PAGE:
Old Testament Summary Lesson 20: “All the City… “Doth Know That Thou Art a Virtuous Woman”
- Few Women Revered in Jewish Thought: Ruth is one of them. A woman convert to Judaism is given or “takes upon herself” a “New Name,” usually that of Ruth or another of the righteous women of the Bible. “The sages regarded Ruth as the prototype of the righteous convert. They taught that Elimelech and his sons were punished for going to Moab during the famine in Judah. They should have remained to share the hardships of their own people . . . Ruth on the other hand left her home not to seek an easier life, but to devote herself to the God of Israel, and to share the fortunes of Naomi and her people, whatever they were destined to be.” (Encyclopedia Judaica Jr.)
- Righteous Gentiles: “The concept of the righteous gentile (hasidei ummot ha-olam — the pious ones of the nations of the world) is first found in the Midrash. The Tosefta teaches that they are as eligible to a place in the hereafter as any member of the House of Israel. “According to Maimonides righteous gentiles were those who observed the Noachide laws and were motivated by belief in the divine origin and authenticity of Moses’ prophecy, and not merely by the reasonableness of the laws, in which case they were considered simply wise men but not hasidei ummot ha-olam. Since World War II the concept of the righteous gentile has been used to refer to those non-Jews who helped Jews escape the persecutions of Nazism.” (Encyclopedia Judaica Jr.) At Yad Vashem, the Holocaust Memorial in Jerusalem, there is an avenue of planted trees. Each one is dedicated to a “Righteous Gentile.” There is one planted in memory of a Dutch Latter-day Saint who helped Jews escape in Nazi occupied Europe. However, the Latter-day Saint is a member of the House of Israel, not a gentile! (Encyclopedia Judaica Jr.)
- Mormons and Gentiles: One of the Israeli travel agents once commented to a prospective traveler to the USA, “You’ve got to visit Salt Lake City, that’s the only place a Jew can walk down the street and feel like a gentile!” Of course, this needs correction. Latter-day Saints know they are a part of the House of Israel, in large part from the tribe of Joseph.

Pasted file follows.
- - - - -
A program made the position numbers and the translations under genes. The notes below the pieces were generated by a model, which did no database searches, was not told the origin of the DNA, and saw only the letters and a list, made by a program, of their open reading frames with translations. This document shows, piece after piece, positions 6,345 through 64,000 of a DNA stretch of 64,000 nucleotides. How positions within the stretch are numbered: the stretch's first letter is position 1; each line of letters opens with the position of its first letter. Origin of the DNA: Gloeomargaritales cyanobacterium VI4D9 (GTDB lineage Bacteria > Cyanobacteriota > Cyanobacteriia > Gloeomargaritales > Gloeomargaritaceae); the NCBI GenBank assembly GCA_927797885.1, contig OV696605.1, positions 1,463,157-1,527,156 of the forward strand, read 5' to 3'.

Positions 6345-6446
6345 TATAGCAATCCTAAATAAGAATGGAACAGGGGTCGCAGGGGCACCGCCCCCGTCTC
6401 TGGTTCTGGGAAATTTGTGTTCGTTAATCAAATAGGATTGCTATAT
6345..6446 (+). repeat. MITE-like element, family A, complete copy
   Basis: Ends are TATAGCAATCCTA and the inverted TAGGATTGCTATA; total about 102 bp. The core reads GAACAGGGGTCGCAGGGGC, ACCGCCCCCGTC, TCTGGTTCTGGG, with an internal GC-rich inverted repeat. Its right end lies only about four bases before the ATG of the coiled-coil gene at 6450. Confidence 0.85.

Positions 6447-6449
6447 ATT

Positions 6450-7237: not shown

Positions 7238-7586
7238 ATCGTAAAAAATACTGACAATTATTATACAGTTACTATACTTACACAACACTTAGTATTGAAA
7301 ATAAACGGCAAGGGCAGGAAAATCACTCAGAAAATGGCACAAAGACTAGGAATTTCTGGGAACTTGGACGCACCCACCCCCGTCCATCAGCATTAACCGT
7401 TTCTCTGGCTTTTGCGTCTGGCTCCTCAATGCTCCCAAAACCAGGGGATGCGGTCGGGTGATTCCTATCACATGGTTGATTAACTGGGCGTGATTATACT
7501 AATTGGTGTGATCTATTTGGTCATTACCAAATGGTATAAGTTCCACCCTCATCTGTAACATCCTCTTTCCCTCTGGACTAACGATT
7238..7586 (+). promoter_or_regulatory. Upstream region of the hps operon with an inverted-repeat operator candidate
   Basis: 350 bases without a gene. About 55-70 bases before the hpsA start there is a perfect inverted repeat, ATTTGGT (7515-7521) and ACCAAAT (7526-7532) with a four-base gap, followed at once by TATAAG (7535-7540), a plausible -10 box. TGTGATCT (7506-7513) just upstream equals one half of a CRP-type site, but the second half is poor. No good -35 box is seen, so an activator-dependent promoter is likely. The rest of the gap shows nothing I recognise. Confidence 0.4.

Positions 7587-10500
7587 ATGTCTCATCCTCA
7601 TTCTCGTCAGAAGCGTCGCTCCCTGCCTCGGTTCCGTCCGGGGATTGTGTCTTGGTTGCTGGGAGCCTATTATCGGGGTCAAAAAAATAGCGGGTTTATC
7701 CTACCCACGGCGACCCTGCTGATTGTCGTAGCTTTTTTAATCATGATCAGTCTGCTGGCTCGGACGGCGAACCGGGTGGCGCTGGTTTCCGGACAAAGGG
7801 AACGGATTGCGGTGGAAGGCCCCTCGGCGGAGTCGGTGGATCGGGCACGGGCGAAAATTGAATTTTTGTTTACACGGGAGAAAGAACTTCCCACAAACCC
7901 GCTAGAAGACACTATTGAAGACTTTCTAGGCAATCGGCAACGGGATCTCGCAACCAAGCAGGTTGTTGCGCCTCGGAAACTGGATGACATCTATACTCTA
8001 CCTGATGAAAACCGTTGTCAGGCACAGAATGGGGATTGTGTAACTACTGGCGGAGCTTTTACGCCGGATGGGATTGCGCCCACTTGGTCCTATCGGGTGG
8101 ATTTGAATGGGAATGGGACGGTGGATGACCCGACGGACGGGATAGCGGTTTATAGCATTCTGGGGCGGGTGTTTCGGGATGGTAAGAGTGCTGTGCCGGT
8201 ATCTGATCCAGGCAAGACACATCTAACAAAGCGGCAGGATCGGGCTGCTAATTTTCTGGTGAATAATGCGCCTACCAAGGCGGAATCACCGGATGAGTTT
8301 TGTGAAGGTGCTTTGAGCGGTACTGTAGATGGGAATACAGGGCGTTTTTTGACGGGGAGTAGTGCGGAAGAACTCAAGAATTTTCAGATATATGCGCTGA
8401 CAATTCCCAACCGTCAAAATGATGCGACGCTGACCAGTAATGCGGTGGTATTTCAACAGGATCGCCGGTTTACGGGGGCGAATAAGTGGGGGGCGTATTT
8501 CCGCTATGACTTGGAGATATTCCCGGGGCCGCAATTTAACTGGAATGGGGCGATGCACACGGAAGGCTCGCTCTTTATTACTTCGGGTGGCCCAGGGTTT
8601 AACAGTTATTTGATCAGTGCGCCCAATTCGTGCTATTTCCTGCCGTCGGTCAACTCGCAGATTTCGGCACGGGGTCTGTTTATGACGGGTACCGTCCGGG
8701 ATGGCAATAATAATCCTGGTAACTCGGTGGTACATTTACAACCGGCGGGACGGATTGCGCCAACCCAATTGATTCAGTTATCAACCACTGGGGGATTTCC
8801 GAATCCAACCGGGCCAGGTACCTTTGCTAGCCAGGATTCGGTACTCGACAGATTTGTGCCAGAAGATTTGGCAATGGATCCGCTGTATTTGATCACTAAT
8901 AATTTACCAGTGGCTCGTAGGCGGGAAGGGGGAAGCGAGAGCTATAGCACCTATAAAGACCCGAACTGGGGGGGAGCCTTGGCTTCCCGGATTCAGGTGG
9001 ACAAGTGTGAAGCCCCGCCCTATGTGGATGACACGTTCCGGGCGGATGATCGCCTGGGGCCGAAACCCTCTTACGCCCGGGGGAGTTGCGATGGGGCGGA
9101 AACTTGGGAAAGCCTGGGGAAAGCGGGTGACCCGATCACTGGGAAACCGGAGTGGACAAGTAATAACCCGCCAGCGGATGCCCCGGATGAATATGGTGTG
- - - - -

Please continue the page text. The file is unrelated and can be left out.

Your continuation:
- Latter-day Messiahs: “According to the Talmud, the Messiah will be a descendant of the House of David and will be preceded by a secondary Messiah, from the House of Joseph.” (Encyclopedia Judaica Jr.) There is a Jewish tradition that the Messiah’s return will reflect either the date or event of the destruction of the First and Second Temples. Joseph Smith’s mission was to restore temple worship. Eventually, the “Lord will suddenly come to his Temple (Malachi 3:1).”
- Sins Fastened In a Sure Place: Isaiah portrays the same principle when he describes the “glory” fastened in a “sure place.” It is a glory that we can bring our troubles (sins) to the Lord, at his house, and leave with greater blessings than we ever imagined. (Isaiah 22:21-25) In Jerusalem, there have been thousands of nails pounded into the old Western (Wailing) Wall, a remnant of the last known Jewish Temple. They remind us of a practice the Jews had until about a hundred years ago. They would “nail their sins in a sure place” and then get on with life. A glorious thought!